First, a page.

20 Feb I am not a life coach
I more like to consider myself a change-agent, enabling individuals and systems to create their own, positive growth. Essentially, I facilitate conversations and learning opportunities for people interested in creating their own, positive evolution. I do this by teaching people how to (1) think about how they think, (2) get clear about what they want, and (3) dance.
I realize some of those words look/sound strange: change-agent, enabling, evolution. But much of this learning is about incorporating new language. These words resonate the most with me – more so than “life coach”, which activates a weird (implied negative) feeling in my body (threat response?), most probably because when I first started hearing of life coaches (c. 2005) I subscribed to the common view point that it was probably all a whole bunch of hooey.
But it’s not. Will you trust me?
It wasn’t until I experienced my first coaching sessions with Deb Giffen, Executive Director of Education at Wharton Business School, and also a Master of Applied Positive Psychology. It was at a time when I said goodbye to my therapist, and decided to try a new paradigm. And am I glad I did, because I experienced something so powerful: my dreams starting to come true. Deb, who is still my coach, said, “Of course your dreams are coming true, Louis – you are making that happen!”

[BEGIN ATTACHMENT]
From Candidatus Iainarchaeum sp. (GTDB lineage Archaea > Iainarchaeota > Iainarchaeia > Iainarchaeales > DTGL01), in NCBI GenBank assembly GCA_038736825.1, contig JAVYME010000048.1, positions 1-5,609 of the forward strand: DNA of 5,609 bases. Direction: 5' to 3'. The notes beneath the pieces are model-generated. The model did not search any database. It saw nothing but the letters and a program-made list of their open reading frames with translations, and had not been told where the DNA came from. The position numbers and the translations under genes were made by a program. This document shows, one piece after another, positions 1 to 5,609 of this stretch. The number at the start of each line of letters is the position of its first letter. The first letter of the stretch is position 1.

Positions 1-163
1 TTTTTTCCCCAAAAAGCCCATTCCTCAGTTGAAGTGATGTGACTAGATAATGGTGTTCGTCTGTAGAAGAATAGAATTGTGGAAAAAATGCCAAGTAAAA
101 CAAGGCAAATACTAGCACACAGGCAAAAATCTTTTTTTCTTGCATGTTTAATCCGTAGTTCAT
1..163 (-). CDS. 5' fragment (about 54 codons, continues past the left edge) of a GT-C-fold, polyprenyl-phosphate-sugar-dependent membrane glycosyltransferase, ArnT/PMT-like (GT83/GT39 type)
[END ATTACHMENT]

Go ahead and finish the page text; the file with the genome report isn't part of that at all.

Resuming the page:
With an eye on the future (not the past), a good coach helps us continually gain clarity around our visions, gain insights into how we may be holding ourselves back, and strategies to take forward movement (with their accountability). A good coach helps us create new habits, new brain wiring, and new recharged ways of being in line with what we want (not what we don’t want – we’re good enough with that).
A good coach comes with the questions (not answers) and some of the tools that can help us help ourselves. It’s the only way.
I am a good coach. I help individuals as a life coach, I help executives as an executive coach, and I help organizations as a systems coach – facilitating positive growth across a group. I love those projects.
Right now, I’m working on a dream-come true project, really, a community-wide change initiative in Cleveland, Ohio – helping people learn to think differently. It’s called Social-Emotional Leadership: How communities change. I developed this framework for my Masters thesis at Penn, used my own family for some action learning and research, presented it at several conferences, including the inaugural meeting of the International Positive Psychology Association in 2009, and am now living it writ-large across the city of Cleveland.